Published on April 1st, 2011 | by dvdpinson0
It can’t be denied that director Tim Hill knows cute and cuddly. He started his career as a writer on SpongeBob SquarePants and various other Nicktoons, then went on to direct the mega-popular big screen version of Alvin and the Chipmunks and the new Easter-themed kiddie flick, Hop. Hill’s movies are dripping with adorable characters and gleeful predicaments. But beneath the snugly facade of these films there isn’t much substance, making for an emotionally empty ordeal that is ultimately forgettable.
In Hop, we get a contemporary (and religion free) version of the story of Easter and the bunny behind the baskets. In a giant candy factory located on Easter Island there lives the aging Easter Bunny (Hugh Laurie). He has been at the candy slinging game for many years and is about to pass on his duties to his young, rebellious son, EB (Russell Brand). Unfortunately, EB doesn’t want anything to do with marshmallow chicks and chocolate rabbits. He is a dreamer who wants to be a rock and roll drummer and leave the hippity-hoppiting to someone else. He leaves Easter Island for the promising land of Hollywood where he is sure his delusions will come true.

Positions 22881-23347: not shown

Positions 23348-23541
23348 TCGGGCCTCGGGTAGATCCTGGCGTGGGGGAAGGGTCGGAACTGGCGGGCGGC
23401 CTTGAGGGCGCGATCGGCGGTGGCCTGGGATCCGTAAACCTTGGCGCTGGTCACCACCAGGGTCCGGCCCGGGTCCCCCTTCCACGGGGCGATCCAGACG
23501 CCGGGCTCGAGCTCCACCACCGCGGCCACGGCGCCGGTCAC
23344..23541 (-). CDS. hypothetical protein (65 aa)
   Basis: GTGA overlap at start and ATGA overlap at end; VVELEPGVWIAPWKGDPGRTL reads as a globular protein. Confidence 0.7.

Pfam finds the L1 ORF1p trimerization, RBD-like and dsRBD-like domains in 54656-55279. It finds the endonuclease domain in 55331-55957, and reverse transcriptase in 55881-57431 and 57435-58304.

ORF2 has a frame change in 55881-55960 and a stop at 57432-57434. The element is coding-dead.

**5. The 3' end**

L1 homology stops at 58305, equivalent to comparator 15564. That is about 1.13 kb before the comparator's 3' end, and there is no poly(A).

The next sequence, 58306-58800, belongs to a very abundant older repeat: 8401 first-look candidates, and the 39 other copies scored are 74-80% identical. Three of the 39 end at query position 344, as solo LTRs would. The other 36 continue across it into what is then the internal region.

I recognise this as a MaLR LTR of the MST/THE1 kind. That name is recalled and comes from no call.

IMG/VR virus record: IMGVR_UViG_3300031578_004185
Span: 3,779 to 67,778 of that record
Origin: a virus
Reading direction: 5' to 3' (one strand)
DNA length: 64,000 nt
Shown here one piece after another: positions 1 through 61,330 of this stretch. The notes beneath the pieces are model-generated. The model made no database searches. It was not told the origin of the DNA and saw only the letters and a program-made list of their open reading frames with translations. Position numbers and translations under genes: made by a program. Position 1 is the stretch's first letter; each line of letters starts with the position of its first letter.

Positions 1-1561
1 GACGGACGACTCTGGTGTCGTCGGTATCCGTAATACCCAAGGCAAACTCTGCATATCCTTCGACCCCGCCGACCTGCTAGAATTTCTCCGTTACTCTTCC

After a failed attempt to enter the Playboy Mansion (where else is a bunny to go?), EB runs into an aimless man named Fred O’Hare (James Marsden). Jobless and direction free, Fred is a late bloomer that has many qualities in common with EB. The two form a quick and easy bond that keeps the film moving right along. Fred and EB encounter many precious baby chickens running abound and three personality-free bunnies in berets that know kung fu. Ultimately, EB and Fred must except their true calling and embrace their inevitable destiny.
Most of what does on during the film’s 95 minutes is humorless. There is one good gag involving EB’s ability to spontaneously produce jelly beans but that’s about it. The rest of the bits go nowhere. Marsden is serviceable as the human lead but is miscast. He’s too old and put together to be young and disheveled. Brand has fun with voicing the rascally bunny but isn’t given anything to do. His work in Despicable Me as Dr. Nefario showed that he’s well suited for cartoons. Hop does not tap that potential.
Young children will have a few things to giggle at, however, and most of the buffoonery is age appropriate. The film is PG but it is mostly harmless and a parent’s biggest concern should be whether the little one gets bored. A good family film is one that can claim to be “fun for all ages”. Hop can make no such declaration.